American conservatives, especially in the hard-right sector, are up in arms, where they like to be, aghast at President Obama’s handshake with the president of Cuba, Raul Castro. Fidel’s brother. Raul took over when his sibling grew too ill to go on TV. Messrs. Obama and Castro were seated near one another at the Nelson Mandela funeral in South Africa and, exchanging pleasantries with other heads of state, the U.S. president found himself confronting his Caribbean counterpart and, well, either offered his hand or accepted Castro’s.
A big deal?
Betrayal! screamed those inclined to scream.
A breakthrough? asked the more realistic.
Attempting a measured perspective, the New York Times reported the Obama-Castro handshake ” instantly raised questions about its deeper meaning. Was Mr. Obama trying to signal a new effort by the American government to reach an accommodation with Cuba 50 years after the Communist revolution that put (the Castros) in power? Or was Mr. Obama simply trying to avoid delivering a diplomatic snub at a memorial dedicated to forgiveness?”
Let’s hope it’s the former. Certainly the Arkansas Farm Bureau does.
“It’s 50 years old and the same regime is still in power today,” says Randy Veach, the Bureau’s president.
Veach was referring to the official ban on essentially all forms of commercial and personal exchange with the little island nation, 90 miles from the Florida coast.
The trade embargo, you will remember, was imposed by President Kennedy, irritated that Fidel, having deposed a corrupt and repressive regime, declared himself a Marxist and began confiscating U.S. property. Things went quickly from dumb to worse: the Kennedy crew tried to overthrow Castro with the doomed Bay of Pigs invasion and then undertook various assassination plots against him, which the intended victim became aware of; and then came the missiles of October.
That was a half-century ago. For almost as long, successive members of Congress from East Arkansas have complained that the embargo denies their farmers a potential bonanza. A Cuba in need of rice represents “an awesome opportunity” for the Delta, a spokesman for Rep. Rick Crawford said this week, quickly adding that some “human rights issues” need addressing.
Some congressional hawks of both parties have opposed a relaxation of the embargo, citing Fidel’s past fondness for aiding revolutions elsewhere. Kennedy’s successors, of both parties, have declined to lift the ban for fear of losing Florida’s electoral votes, which could hinge on the politically powerful and always vocal community of Cuban exiles and their heirs.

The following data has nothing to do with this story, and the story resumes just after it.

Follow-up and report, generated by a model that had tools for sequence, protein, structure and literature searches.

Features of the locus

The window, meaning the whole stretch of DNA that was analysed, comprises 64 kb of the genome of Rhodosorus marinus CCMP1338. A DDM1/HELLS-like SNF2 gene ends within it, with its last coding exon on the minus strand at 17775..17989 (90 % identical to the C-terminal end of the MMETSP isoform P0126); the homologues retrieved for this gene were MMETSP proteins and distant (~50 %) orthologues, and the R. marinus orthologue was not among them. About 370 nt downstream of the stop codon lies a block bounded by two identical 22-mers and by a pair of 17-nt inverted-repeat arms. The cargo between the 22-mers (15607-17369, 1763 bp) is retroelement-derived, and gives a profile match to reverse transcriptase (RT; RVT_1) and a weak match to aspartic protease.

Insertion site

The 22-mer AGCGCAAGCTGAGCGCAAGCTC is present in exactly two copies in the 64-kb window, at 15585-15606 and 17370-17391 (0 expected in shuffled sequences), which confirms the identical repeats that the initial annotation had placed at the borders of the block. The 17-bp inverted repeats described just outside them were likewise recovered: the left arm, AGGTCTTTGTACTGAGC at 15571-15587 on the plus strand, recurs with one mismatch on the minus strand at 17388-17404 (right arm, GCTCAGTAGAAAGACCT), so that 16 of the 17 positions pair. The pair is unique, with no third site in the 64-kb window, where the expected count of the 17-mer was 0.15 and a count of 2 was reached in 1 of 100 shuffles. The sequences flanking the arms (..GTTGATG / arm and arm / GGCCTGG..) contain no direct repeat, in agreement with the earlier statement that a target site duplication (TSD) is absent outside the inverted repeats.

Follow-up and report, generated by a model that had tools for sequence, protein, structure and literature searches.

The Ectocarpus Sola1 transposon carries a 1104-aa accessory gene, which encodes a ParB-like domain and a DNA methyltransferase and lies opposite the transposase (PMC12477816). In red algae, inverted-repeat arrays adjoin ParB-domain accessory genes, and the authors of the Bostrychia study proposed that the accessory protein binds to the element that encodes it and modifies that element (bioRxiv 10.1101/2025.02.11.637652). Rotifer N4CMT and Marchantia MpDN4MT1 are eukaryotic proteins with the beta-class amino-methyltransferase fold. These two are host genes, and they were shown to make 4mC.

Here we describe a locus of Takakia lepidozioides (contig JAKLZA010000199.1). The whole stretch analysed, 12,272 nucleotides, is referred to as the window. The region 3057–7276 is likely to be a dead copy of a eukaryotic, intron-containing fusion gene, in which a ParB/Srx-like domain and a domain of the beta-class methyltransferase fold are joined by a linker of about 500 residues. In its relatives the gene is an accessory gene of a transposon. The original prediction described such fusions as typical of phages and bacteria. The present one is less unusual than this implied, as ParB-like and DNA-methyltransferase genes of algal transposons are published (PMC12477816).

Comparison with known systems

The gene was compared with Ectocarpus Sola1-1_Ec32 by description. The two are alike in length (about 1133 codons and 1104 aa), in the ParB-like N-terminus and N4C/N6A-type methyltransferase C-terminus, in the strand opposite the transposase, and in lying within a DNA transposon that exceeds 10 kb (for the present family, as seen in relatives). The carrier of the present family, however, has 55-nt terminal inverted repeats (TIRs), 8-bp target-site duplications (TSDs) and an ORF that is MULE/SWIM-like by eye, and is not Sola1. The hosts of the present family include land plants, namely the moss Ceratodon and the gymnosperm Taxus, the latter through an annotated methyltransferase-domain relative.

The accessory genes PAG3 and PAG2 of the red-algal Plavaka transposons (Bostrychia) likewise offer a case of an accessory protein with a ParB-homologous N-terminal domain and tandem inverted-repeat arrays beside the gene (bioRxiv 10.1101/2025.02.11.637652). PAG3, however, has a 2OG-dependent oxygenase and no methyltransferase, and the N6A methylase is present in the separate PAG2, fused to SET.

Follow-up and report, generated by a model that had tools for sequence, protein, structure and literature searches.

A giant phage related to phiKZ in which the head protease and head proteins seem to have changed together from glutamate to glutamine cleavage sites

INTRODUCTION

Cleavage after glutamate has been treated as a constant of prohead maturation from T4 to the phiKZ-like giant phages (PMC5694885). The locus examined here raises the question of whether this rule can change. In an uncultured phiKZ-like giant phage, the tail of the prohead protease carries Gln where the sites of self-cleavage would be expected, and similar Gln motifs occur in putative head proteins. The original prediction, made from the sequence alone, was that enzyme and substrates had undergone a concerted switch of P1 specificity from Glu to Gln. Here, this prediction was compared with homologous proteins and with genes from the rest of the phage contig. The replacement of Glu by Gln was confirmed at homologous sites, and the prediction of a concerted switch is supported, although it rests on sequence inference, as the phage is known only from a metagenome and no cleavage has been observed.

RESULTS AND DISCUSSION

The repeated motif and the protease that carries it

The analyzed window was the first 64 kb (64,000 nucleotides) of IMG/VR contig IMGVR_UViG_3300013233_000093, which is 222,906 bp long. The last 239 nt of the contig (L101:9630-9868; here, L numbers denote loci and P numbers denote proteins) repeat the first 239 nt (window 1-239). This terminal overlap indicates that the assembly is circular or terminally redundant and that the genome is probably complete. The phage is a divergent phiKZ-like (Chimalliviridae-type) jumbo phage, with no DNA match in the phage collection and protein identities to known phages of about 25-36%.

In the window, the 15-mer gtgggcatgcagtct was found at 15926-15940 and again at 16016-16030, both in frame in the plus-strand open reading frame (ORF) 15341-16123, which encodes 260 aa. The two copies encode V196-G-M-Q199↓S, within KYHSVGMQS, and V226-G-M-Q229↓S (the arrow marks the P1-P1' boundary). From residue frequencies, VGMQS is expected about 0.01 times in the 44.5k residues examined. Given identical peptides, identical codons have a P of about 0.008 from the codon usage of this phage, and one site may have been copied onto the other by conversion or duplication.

I doubt even the CIA knows with any certainty how many killings (murders, kangaroo court executions, combat deaths in “wars of liberation”) have been the work of the Castro regime, and suspect Fidel and Raoul themselves haven’t kept count. But I know that FDR shook hands with Stalin, Kennedy with Khrushchev, Nixon with Mao, Ford with Brezhnev, Clinton with Yasir Arafat and so forth; other high-ranking U.S. government personnel, Democrats and Republicans, have palmed it with the likes of Saddam Hussein, Muammar Gaddafi, Bashar al-Assad and — so forth. Against all the aforementioned foreign heads of state the Castros, in sheer butchery, pale in comparison. In Russia, China, Libya and much of the Middle East, religious, ethnic and human rights are uncertain at best and frequently dispensable when they exist at all. And yet we do, or did, or are trying to again do, business with all of them — trillions in trade. Oil, oil, oil; other minerals, fibers, manufactured goods, finished products and farm commodities. Yet Cuba — no sale.
And forget bowing — Bush I not only shook hands with Abdullah, he held hands with the crude-oiler, which occasioned some dimwitted jokes and raised eyebrows among the same segment now in high dudgeon over Mr. Obama low-fiving it with Castro. (As it happens, men hold hands in Saudi Arabia as a gesture of friendship, nothing more).
The embargo, an immediate and continuing failure, is a lingering Cold War remnant, and embarrassment. If Cuba has not thrived — at $121 billion its Gross Domestic Product is but some 20 percent larger than Arkansas’s — it has survived, and its economy likely will improve, along with those of countries prudent enough to engage it. There is, too, evidence that Raul is every so carefully nudging his nation toward more western foreign and domestic policies.
International trade is complicated and the Cuba prospect decidedly so. Even should Mr. Obama boldly reverse Kennedy’s course, Congress probably would have to approve a bi-lateral trade agreement. Don’t bet on it, not anytime soon. Why would a Congress that can’t approve a budget, can’t even pass a farm bill, do the smart thing?
Steve Barnes is a native of Pine Bluff and the host of Arkansas Week on AETN.